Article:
CTE Campus Project

CTE Classes Complete Campus Drainage Project
Posted on 06/25/2024
Students in our CTE Conservation and Heavy Equipment Operation programs completed an on-campus drainage project this spring through an exciting collaboration with our Building Services team.

Building Services had observed drainage issues in one area of campus near the T1 bus loop, created by overgrown tree roots. The campus maintenance crew approached the two classes, which routinely complete landscaping and facilities maintenance projects on and off campus, about partnering on the effort. 
“This was so good for the students because it wasn’t a mockup project,” Heavy Equipment Operation Instructor Hans Hendrick said. “It’s so similar to any municipal job or state job they might get to be on. It’s the same procedures, and a real-world application of their skill set.”

The core work of the project took about six weeks from start to finish.

The Conservation program started the project by cutting down and cutting up several large trees from the project area, then worked with the Heavy Equipment classes to move the cut wood to a different location.

Heavy Equipment students had to learn to remove large tree stumps and their intricate root systems so that the work could proceed. They also had to identify where the water was supposed to be draining because that path had been diverted. During these steps, students were working very close to buildings, which offered a valuable lesson in worksite awareness while digging.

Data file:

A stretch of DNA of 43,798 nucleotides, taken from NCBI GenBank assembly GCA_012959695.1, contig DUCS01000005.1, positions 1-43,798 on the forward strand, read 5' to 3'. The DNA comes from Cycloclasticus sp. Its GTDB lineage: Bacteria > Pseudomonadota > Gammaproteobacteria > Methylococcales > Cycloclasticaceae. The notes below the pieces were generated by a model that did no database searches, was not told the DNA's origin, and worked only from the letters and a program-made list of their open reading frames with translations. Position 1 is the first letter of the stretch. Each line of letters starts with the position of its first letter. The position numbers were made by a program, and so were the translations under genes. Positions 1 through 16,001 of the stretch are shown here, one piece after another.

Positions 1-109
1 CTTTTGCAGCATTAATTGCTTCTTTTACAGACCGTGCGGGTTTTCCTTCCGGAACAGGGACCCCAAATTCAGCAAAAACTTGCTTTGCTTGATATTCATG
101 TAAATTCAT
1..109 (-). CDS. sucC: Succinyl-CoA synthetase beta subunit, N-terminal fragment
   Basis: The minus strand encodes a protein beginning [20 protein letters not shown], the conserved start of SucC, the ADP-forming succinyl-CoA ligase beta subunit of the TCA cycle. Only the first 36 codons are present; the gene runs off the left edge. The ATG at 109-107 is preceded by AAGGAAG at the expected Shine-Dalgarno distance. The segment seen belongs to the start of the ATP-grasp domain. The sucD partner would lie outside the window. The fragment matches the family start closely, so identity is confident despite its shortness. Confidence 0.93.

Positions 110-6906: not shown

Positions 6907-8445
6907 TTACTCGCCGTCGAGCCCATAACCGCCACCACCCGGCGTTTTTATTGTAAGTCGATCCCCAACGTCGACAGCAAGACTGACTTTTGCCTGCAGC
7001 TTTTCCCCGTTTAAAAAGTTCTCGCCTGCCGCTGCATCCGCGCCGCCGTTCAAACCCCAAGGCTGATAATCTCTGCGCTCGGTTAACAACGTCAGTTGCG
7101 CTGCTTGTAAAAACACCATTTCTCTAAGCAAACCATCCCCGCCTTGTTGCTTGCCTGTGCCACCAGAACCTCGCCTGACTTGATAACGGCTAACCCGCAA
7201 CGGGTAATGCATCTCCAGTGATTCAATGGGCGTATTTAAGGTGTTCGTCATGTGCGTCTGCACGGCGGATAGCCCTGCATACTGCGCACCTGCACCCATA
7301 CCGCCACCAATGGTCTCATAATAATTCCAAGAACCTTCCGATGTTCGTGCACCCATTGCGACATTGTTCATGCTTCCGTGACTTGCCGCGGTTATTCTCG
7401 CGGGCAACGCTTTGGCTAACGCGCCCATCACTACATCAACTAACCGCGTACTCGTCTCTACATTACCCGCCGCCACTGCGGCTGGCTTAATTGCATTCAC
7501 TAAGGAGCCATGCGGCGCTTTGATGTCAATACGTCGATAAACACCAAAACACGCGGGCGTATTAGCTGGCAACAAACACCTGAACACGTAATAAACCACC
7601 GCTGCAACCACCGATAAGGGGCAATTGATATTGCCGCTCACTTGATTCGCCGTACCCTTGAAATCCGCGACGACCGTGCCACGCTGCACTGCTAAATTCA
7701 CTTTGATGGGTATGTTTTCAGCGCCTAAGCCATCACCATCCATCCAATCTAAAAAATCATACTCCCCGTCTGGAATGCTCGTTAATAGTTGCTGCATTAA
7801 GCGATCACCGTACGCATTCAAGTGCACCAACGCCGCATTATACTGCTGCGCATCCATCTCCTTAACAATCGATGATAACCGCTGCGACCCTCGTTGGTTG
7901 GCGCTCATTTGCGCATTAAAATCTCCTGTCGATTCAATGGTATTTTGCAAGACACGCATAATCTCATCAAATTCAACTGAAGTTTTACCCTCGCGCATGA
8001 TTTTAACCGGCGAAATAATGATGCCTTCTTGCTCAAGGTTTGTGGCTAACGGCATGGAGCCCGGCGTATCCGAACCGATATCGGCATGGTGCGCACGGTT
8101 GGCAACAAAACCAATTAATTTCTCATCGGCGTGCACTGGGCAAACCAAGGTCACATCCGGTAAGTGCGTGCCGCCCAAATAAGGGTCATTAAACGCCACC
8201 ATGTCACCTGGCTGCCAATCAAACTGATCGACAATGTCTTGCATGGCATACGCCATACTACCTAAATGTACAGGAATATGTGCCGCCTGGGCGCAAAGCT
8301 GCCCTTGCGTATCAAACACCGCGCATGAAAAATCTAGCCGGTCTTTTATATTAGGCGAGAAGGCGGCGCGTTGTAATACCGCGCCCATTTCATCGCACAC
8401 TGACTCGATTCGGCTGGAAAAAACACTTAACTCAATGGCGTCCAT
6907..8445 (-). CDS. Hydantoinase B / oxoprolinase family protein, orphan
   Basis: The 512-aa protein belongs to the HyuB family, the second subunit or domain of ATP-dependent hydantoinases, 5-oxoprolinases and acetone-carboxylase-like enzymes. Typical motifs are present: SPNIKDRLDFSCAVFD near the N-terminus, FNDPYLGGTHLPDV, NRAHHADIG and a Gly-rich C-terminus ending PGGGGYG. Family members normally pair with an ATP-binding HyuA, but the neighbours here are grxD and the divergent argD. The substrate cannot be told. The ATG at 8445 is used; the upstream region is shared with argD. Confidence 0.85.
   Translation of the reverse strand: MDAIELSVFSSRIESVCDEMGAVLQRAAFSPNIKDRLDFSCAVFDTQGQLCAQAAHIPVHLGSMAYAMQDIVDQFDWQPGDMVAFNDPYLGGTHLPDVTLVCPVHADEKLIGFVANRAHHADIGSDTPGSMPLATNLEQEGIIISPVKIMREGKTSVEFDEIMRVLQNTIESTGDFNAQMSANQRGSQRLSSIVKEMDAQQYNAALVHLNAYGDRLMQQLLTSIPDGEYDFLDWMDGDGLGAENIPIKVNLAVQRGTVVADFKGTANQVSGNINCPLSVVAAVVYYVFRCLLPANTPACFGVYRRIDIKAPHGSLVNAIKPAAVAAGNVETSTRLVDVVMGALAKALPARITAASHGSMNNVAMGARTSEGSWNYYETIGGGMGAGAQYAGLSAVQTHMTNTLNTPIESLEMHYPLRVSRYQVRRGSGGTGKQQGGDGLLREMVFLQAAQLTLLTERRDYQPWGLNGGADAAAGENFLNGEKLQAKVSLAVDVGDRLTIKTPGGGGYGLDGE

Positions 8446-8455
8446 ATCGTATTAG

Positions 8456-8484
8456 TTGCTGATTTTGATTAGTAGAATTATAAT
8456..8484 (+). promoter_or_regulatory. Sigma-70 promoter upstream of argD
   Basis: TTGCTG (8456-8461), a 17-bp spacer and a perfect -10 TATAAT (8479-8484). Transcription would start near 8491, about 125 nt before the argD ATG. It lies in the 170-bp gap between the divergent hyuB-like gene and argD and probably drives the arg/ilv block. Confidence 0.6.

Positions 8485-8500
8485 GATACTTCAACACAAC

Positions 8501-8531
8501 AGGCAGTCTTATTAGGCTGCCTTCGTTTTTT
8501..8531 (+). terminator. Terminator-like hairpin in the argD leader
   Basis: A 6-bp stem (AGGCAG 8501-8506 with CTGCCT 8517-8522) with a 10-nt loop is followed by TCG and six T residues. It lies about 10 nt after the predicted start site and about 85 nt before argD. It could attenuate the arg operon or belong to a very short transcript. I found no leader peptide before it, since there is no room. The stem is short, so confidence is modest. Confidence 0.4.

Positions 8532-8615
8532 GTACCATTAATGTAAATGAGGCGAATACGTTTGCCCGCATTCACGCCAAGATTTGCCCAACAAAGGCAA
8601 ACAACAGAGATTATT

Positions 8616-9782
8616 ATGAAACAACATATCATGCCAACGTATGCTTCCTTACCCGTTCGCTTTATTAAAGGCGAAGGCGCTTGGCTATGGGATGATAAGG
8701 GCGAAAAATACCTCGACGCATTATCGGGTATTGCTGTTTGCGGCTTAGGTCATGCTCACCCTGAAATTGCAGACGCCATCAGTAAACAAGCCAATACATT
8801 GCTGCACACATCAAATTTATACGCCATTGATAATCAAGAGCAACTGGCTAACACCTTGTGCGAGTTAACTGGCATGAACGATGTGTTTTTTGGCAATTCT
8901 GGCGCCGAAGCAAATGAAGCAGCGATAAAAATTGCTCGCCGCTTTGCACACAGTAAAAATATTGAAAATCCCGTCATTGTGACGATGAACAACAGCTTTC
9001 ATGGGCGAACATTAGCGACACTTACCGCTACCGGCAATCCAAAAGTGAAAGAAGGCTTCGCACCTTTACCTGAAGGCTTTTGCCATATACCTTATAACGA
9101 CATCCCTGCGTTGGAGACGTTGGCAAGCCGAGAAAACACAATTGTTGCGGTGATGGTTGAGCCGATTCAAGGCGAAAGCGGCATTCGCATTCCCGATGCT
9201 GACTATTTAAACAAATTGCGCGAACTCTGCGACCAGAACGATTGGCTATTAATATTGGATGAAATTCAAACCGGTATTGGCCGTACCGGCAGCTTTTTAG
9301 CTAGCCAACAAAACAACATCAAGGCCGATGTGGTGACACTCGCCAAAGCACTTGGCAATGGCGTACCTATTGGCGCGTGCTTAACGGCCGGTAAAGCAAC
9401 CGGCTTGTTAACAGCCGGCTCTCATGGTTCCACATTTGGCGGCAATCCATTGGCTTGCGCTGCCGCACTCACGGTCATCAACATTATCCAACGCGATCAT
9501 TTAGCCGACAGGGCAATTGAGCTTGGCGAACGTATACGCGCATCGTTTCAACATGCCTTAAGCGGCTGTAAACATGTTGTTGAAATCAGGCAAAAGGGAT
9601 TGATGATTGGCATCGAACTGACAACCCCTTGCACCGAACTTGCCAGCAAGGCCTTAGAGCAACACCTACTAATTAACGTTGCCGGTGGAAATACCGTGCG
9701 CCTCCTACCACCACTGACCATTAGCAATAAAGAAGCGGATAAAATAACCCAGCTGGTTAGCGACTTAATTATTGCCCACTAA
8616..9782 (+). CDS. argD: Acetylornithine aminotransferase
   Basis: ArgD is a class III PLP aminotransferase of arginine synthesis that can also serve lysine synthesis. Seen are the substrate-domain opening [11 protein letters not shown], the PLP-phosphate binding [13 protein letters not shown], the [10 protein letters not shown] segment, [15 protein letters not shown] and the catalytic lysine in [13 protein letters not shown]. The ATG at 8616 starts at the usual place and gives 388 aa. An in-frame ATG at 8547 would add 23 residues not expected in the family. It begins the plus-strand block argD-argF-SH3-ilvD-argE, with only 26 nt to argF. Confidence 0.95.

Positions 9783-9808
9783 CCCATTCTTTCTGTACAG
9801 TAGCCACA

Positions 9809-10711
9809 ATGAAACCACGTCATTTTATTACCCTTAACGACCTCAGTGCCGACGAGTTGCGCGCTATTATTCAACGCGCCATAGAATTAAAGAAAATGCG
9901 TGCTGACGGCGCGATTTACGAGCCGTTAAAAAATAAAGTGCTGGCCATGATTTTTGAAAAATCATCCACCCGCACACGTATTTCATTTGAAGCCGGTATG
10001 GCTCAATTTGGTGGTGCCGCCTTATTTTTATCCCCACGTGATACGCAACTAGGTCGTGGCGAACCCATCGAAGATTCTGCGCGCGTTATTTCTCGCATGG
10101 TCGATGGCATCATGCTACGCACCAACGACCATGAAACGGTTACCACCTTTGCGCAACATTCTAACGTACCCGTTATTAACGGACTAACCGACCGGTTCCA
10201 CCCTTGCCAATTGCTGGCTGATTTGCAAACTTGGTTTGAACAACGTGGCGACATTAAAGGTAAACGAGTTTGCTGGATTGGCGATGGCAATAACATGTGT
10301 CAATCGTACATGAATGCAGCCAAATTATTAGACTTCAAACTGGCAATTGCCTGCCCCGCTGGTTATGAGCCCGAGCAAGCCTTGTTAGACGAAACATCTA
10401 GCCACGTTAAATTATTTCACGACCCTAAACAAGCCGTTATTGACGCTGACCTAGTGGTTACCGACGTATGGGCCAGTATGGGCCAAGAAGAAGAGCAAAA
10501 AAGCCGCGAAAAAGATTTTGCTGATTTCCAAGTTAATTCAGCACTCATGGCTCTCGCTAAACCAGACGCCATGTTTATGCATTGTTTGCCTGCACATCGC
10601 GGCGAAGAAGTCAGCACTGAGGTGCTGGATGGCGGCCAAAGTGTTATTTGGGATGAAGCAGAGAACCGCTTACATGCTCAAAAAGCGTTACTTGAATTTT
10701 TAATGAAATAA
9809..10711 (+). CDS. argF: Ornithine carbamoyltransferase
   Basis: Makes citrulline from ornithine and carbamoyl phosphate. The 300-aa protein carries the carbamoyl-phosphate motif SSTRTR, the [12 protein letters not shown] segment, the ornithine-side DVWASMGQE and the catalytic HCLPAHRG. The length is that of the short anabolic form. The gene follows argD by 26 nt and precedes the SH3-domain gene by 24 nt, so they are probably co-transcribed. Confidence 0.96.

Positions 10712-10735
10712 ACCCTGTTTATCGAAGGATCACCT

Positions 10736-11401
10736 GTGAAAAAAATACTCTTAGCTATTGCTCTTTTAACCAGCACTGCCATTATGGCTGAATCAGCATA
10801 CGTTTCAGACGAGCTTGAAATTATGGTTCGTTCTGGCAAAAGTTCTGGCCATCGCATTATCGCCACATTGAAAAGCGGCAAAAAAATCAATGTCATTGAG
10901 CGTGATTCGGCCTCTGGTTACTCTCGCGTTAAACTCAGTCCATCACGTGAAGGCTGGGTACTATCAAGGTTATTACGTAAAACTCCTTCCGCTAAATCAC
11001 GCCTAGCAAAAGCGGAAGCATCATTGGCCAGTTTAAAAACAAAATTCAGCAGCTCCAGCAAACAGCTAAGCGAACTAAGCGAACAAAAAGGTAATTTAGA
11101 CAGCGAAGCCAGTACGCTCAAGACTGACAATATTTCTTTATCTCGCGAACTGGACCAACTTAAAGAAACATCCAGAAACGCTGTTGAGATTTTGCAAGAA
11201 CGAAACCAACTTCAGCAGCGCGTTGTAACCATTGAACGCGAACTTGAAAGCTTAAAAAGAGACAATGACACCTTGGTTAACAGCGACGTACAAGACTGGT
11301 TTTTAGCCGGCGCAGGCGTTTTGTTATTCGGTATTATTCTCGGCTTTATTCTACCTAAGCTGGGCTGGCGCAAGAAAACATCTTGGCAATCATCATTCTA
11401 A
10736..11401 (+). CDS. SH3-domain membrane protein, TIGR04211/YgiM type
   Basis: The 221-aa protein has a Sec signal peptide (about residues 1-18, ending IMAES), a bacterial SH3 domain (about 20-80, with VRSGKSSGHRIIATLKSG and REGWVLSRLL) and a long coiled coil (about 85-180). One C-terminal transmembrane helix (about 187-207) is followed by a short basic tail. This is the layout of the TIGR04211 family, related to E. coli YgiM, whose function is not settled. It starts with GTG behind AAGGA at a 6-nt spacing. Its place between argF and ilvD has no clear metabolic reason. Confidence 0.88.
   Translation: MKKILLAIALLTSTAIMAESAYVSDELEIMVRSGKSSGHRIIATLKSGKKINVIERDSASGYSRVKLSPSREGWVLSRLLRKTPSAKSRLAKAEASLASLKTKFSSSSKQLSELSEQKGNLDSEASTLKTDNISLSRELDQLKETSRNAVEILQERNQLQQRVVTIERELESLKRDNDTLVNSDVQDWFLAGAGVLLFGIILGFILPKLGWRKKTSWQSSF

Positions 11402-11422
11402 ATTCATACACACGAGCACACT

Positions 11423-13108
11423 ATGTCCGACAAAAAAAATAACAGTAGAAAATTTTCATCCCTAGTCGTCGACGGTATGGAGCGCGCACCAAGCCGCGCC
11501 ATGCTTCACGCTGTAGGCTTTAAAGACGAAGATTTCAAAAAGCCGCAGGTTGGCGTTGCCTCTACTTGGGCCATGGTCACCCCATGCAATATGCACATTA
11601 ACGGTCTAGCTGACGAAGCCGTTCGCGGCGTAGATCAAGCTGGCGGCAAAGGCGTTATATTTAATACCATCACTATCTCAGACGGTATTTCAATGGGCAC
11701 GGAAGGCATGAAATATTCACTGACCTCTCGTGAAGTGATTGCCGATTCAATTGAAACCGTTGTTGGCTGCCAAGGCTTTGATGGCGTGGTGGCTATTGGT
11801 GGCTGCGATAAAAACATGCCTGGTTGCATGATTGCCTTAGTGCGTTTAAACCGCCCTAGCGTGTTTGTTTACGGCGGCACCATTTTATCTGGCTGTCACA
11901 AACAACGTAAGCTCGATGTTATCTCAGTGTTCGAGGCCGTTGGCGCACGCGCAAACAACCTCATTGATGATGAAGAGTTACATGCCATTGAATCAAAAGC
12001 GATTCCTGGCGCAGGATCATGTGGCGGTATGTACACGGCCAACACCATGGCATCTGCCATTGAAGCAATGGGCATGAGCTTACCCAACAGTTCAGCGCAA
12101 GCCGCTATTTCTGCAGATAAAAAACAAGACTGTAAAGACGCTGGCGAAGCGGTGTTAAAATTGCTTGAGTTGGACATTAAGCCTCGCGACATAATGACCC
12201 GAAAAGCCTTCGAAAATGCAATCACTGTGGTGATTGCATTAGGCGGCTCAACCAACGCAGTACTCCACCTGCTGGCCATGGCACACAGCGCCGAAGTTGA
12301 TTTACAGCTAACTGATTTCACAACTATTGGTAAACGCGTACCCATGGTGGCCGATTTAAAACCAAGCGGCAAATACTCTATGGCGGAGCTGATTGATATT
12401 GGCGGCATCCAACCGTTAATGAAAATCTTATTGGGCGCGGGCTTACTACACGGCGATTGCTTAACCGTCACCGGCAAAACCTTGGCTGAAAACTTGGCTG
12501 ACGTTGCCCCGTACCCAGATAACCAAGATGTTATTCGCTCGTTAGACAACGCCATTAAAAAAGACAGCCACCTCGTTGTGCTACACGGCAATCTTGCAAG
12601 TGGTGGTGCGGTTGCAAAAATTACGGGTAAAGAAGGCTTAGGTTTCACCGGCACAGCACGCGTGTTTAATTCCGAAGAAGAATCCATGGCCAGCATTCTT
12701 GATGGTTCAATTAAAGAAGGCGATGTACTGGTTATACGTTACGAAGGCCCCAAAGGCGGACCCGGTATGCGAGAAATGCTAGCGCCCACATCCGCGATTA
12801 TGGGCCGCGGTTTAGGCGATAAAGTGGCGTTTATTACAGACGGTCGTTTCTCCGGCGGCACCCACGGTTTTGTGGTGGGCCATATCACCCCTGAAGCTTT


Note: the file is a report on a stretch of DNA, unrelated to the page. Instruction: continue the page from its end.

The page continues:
“This gave them an opportunity to practice digging close to utilities and pipework,” Facilities Coordinator Matt Schreppel said. “You can’t just go crazy and start ripping and tearing. You have to work methodically to not damage the pipes currently in the ground and work with a spotter.”

HEO studentWith the trees removed, the Heavy Equipment classes shifted their focus to digging up the area needed to repair the pipes, which extended all the way to the parking lot. The group padded the pipes in gravel, leveled them using a transit level, constructed and shaped a drainage swale, and pitched the site to the swale so the water would flow through a cobble wall to a sediment basin. The cobble wall serves as a filter that removes debris. The group also added some large boulders around the site for safety.

Graphic Design students documented the project through photos and videos to add an additional layer to the CTE collaboration.

The students' professionalism has left the door open for future collaborations to beautify and maintain campus.

“This is the first year that we’ve really brought these students in to make this BOCES a better place,” Facility Specialist Mike Schoen said. “It gives them a lot more pride in this place, and it’s something we want to continue coordinating.”